appellee was to be applied to the payment of appellant's said note and interest, then informed said appellant that the defendant had sufficient money on deposit to pay the note presented, but that they had no express authority or order directing them to make payment, but that defendant's agent, Henry Turner, was authoried to draw a check for the amount; that, immediately after receiving said information, the appellant and his attorney left said bank, and appellant thereupon directed his attorney to institute suit upon said notes and to foreclose said mortgage, and said attorney left Jamestown on the 27th of February, 1908, for the city of Lebanon to file suit on said notes; that upon appellant's return to his residence from the bank said Turner saw him, and told him that he desired to see him, but appellant excused himself, saying that he would see Mr. Turner after dinner; that about 12.45 P. M. on said 27th appellant went to appellee's place of business immediately across the street from his residence, and saw said Turner, who at the time informed appellant that he desired to pay the note due February 25th, with the interest thereon and one year's interest on each of the other notes, and asked appellant if he would accept the money; that appellant informed said Turner that he would not; that said Turner thereupon importuned said appellant to accept the money and permit him to draw a check in payment of said note and interest, but appellant refused and told said Turner that he would not accept money or check; that, under the provisions of the mortgage, the notes were all due, and that the attorney had left Jamestown on the 12.40 car for Lebanon to file a suit upon said notes and to foreclose said mortgage; that on the same day, and prior to the filing of the answer herein, the defendant paid to the clerk of the Boone Circuit Court, as a tender of the principal of said note and the interest thereon until that day and one year's interest on each of the other notes, the sum of $1,248 in standard gold coin of the United States, which sum is still in the hands of the clerk of this court as a tender to the plaintiff in payment of the principal of said note and the interest thereon until the day of filing said answer, and one year's interest on each of the other notes; that on the 25th, 26th, and 27th days of February, 1908, and upon each of the same and during the whole of each of said days, the appellee had upon general deposit in said bank, subject to check, a sum of money in excess of $1,250, and prior to either of said days the bank had been informed by appellee that so much of said deposit as might be necessary to pay first note and interest due on February 25, 1908, was to be applied to such payment; "that the plaintiff failed to present said note due by date on February 25, 1908, to said bank on said day for payment and remained away from Jamestown on said date to avoid the said Henry Turner, and prevent payment on said day, with the wrongful and deliberate purpose and intent of making a default in the payment of said note and interest, when due, in order to render all of said notes due, so as to authorize a suit thereon; that the defendant Rose Nugent is the wife of the defendant Thomas Nugent."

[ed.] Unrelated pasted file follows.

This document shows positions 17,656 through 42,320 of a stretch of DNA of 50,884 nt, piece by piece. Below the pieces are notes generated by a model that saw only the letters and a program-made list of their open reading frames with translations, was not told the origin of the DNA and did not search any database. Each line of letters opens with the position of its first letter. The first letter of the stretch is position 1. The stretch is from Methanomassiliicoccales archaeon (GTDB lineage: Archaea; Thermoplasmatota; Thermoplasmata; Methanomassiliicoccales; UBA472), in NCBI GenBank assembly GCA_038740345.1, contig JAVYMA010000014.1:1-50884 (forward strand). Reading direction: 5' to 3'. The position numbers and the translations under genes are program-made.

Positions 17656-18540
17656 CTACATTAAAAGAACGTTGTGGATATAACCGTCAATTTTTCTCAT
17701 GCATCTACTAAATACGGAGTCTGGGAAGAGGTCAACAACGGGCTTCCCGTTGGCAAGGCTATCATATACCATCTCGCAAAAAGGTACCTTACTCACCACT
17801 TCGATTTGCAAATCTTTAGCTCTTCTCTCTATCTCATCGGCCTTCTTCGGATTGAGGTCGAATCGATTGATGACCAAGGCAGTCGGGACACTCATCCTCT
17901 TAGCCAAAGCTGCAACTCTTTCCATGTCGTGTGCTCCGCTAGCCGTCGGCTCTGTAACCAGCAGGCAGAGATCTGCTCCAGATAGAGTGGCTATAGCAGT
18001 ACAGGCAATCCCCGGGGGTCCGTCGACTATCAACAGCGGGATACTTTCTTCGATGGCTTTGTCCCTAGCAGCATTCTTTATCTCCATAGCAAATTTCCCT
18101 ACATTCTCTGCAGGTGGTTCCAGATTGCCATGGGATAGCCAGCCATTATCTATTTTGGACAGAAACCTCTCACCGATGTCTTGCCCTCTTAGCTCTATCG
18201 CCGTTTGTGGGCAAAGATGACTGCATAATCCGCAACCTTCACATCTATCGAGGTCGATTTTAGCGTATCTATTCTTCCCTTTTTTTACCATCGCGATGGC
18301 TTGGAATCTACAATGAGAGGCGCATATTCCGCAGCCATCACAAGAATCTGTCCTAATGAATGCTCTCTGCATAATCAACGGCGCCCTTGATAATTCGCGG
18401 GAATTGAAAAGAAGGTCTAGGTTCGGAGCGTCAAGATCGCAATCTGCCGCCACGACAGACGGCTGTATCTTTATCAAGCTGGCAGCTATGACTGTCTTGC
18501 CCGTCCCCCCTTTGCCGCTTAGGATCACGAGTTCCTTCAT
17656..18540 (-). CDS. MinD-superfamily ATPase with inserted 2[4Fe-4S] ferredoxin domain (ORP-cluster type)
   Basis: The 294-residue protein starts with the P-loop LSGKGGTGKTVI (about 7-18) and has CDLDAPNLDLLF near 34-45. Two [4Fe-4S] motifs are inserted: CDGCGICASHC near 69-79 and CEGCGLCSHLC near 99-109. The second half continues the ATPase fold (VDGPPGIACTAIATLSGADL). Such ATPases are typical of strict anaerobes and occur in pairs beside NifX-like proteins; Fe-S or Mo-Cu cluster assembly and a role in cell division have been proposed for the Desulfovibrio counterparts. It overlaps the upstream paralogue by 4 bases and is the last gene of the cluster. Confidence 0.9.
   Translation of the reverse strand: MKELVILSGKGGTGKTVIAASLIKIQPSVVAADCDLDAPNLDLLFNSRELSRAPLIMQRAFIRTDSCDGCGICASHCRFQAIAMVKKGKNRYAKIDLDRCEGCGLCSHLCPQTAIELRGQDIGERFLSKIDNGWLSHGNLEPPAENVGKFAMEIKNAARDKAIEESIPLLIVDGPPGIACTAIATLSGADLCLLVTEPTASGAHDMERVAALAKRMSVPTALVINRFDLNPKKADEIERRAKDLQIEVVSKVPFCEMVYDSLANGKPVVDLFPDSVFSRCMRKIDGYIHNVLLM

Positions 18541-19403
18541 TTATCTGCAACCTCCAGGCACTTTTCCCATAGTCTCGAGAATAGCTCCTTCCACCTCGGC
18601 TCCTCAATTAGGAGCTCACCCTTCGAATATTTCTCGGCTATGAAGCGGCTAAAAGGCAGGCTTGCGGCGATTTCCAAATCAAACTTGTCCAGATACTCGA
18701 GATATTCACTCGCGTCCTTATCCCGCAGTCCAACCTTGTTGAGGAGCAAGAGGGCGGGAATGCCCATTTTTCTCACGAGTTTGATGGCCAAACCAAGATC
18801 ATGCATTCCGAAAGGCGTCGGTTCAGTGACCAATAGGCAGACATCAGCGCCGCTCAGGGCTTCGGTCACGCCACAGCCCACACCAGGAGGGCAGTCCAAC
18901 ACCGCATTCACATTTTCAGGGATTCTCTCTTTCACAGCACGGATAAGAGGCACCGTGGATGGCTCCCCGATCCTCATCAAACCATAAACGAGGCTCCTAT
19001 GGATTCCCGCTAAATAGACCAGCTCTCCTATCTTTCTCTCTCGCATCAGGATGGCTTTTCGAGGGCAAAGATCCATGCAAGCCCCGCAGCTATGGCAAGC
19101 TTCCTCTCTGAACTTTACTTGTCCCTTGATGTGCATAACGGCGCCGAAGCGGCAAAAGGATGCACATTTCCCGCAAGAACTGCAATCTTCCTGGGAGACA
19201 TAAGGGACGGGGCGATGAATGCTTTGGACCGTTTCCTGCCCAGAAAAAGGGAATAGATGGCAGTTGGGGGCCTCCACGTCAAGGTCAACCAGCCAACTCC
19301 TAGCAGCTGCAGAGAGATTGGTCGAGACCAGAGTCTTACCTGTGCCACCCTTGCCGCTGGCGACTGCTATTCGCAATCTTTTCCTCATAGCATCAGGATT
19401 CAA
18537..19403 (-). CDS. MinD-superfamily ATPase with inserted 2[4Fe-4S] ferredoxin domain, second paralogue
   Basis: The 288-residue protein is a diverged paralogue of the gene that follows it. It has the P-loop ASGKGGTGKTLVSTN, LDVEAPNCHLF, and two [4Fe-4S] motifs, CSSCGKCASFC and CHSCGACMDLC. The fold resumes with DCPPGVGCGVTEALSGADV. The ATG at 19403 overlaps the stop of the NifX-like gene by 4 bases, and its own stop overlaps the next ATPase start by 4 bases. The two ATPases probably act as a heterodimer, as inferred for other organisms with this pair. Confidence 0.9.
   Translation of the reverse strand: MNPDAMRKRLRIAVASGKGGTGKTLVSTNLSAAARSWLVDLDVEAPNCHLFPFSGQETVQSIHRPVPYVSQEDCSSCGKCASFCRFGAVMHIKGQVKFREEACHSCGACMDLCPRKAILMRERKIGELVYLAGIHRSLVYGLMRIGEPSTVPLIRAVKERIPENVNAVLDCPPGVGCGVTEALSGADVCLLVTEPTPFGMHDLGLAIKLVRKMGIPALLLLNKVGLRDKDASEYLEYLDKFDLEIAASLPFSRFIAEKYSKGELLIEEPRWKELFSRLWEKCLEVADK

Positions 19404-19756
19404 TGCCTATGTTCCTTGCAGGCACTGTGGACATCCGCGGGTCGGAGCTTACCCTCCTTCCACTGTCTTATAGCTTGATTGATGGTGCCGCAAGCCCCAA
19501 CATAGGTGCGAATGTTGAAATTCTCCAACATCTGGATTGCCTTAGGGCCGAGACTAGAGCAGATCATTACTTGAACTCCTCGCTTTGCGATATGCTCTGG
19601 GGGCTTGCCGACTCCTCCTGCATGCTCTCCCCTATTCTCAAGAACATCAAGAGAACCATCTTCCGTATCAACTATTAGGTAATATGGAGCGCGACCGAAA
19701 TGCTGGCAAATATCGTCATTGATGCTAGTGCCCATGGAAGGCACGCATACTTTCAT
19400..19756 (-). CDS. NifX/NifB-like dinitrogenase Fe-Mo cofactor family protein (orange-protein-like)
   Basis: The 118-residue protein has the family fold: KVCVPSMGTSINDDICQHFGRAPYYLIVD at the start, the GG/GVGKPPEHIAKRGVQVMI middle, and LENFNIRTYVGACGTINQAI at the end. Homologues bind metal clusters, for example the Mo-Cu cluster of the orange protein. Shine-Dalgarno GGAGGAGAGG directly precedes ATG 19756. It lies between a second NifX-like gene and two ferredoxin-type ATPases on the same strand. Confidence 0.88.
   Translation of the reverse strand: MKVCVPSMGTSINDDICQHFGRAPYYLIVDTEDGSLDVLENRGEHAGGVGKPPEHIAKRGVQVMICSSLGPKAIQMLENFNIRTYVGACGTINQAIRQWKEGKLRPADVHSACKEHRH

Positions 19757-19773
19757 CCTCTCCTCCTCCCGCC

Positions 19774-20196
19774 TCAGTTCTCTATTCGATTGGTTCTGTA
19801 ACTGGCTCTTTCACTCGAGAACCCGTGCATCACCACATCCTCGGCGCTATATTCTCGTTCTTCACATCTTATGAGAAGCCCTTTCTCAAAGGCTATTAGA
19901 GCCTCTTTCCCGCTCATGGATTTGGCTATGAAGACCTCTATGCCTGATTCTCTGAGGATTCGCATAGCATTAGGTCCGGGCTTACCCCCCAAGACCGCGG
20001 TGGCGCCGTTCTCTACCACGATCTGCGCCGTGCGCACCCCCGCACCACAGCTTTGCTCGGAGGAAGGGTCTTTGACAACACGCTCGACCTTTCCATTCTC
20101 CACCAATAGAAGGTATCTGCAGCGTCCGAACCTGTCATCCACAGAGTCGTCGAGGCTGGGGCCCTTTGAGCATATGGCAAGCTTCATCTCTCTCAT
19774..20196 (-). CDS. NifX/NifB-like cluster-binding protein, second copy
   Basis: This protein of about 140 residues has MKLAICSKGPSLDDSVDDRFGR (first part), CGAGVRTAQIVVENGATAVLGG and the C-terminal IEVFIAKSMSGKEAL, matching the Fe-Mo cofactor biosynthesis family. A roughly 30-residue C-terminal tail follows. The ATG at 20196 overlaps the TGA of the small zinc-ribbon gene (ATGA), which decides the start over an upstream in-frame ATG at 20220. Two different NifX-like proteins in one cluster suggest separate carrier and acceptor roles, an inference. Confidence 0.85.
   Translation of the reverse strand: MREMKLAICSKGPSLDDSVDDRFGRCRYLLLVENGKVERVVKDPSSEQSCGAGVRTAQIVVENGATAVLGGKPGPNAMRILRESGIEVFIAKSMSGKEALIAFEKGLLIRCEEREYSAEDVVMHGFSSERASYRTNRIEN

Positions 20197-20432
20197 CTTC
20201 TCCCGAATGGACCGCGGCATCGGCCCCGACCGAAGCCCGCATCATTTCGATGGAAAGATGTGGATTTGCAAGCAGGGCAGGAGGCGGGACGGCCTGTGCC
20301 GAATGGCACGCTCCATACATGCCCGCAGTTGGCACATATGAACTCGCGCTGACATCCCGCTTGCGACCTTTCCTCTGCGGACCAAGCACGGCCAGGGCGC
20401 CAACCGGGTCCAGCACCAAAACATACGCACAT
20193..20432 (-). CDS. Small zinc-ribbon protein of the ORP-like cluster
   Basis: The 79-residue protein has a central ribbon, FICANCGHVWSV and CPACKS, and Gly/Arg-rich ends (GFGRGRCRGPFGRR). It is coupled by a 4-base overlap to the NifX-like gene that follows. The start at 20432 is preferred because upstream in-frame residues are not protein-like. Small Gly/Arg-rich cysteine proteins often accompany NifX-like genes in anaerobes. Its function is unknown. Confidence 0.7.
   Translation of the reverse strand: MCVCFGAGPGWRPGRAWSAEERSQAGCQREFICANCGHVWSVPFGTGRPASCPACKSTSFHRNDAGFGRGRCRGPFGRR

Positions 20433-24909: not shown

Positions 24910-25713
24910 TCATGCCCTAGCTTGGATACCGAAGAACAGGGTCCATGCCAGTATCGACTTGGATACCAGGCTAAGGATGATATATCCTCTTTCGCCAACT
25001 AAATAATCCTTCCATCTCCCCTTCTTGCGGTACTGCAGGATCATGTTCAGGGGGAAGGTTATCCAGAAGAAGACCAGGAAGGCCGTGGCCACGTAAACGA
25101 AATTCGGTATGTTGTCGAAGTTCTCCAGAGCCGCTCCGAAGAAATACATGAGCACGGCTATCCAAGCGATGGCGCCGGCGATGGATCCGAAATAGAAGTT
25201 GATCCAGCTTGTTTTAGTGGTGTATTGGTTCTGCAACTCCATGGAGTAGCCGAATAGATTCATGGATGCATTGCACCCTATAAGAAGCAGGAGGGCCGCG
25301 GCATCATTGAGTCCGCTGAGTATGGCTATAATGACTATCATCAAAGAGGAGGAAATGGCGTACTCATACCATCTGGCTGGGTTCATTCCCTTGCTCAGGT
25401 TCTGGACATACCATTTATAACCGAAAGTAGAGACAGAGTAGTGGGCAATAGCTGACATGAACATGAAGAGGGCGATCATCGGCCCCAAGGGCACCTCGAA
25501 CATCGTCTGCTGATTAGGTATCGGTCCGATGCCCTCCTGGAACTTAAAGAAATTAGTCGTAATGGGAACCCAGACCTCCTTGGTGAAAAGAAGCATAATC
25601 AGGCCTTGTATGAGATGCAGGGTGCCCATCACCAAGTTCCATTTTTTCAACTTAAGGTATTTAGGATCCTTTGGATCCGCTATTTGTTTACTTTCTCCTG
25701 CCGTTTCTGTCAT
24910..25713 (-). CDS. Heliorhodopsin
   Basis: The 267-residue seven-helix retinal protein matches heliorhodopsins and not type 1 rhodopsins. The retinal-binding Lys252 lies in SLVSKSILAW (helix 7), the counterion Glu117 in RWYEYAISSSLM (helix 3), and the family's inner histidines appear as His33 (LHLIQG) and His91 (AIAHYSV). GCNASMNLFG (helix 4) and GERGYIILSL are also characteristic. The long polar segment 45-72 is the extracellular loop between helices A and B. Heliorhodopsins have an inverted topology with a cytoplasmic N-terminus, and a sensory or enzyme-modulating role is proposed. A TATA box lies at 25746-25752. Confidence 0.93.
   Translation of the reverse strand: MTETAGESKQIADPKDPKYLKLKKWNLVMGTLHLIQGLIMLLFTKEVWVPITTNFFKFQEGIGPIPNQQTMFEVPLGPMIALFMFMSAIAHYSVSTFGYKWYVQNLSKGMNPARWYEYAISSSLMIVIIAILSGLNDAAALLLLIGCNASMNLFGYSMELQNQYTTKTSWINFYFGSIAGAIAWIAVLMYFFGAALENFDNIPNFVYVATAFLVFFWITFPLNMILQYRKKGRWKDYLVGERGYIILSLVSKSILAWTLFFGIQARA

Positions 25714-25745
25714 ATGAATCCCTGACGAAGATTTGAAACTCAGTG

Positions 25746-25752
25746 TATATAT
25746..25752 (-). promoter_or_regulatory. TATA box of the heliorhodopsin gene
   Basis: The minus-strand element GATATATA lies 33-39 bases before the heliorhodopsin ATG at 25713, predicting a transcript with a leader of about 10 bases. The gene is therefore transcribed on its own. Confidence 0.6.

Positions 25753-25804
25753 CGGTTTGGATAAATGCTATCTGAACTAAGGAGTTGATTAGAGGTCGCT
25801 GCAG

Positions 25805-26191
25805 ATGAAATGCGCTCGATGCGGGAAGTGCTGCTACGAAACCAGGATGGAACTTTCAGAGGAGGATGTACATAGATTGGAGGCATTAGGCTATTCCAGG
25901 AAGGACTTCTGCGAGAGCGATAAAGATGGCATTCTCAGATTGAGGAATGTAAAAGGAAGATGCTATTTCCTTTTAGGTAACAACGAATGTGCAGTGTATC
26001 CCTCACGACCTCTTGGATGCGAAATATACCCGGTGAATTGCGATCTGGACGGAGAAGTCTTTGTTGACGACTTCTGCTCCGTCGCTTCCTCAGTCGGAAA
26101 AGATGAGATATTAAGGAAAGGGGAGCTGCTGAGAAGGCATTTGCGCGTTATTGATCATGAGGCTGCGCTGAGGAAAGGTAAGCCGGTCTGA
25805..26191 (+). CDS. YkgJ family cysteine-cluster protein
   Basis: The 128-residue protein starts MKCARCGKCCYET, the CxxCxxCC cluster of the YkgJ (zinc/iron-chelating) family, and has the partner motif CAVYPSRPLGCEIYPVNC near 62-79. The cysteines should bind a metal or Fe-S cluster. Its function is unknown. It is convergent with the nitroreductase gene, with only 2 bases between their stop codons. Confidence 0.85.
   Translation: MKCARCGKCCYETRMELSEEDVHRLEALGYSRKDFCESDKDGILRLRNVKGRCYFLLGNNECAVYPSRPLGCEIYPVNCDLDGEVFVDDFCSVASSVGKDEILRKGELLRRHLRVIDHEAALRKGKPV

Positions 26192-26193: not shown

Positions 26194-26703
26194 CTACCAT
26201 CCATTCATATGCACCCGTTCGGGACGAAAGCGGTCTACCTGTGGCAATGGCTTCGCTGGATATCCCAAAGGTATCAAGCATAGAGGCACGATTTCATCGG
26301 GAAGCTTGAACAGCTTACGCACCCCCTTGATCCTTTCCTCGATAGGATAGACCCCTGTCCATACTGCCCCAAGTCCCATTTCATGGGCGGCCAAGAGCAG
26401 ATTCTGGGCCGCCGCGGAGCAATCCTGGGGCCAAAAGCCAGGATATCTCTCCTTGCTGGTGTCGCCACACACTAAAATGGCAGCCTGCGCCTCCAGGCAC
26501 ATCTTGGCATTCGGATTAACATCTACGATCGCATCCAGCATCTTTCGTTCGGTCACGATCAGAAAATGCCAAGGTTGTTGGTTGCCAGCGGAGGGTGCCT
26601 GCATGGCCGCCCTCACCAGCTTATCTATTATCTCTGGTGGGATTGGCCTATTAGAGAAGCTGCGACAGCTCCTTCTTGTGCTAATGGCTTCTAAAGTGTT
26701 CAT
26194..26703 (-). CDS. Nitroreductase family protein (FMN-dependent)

The court stated in its conclusions of law upon the facts found, as follows: "(1) That plaintiff is entitled to a judgment against the defendant Thomas Nugent for $1,248 and an order upon the clerk of this court to apply the money in his hands as a tender to the pay

ment of said judgment; (2) that each of the defendants are entitled to a judgment against the plaintiff for costs."

In the determination of the controlling question presented by this appeal, the appellant has in his favor the statute and certain general principles declared and recognized by the decisions of this and the Supreme Court.

(1) A note made payable at a particular time and place does not impose upon the payee or his assignee the necessity of averring or proving a demand at the time and place fixed in the note; but the payor may show a readiness to pay such demand at such time and place. Section 374, Burns, 1908; Glatt v. Fortman, 120 Ind. 384, 22 N. E. 300; Eaton, etc., R. Co. v. Hunt, 20 Ind. 457; Brown v. McElroy, 52 Ind. 404, 406; Dillingham v. Parks, 30 Ind. App. 61, 69, 70, 65 N. E. 300. It follows from the above that the maker of a promissory note, payable at a particular bank, cannot discharge such obligation by depositing in such bank the funds with which to pay said obligation, and that money so deposited in such bank cannot be deemed to be deposited with the payee's agent, except, of course, that, in the case the holder of such note deposits the same at such bank for collection, he thereby constitutes such bank his agent for such purpose. Glatt v. Fortman, supra, at pages 385, 386, 120 Ind., 22 Ñ. E. 300; Wallace v. McConnell, 13 Pet. 136, 10 L. Ed. 95; Dillingham v. Parks, supra.

(2) (3) Provision in a mortgage of the kind here in question are not in the nature of penalties or forefeitures, "but are to be regarded as agreements between the parties fixing the time and conditions upon which the whole debt may become due." Moore v. Sargent, 112 Înd. 484, 14 N. E. 466; Jones on Mortgages (6th Ed.), § 76.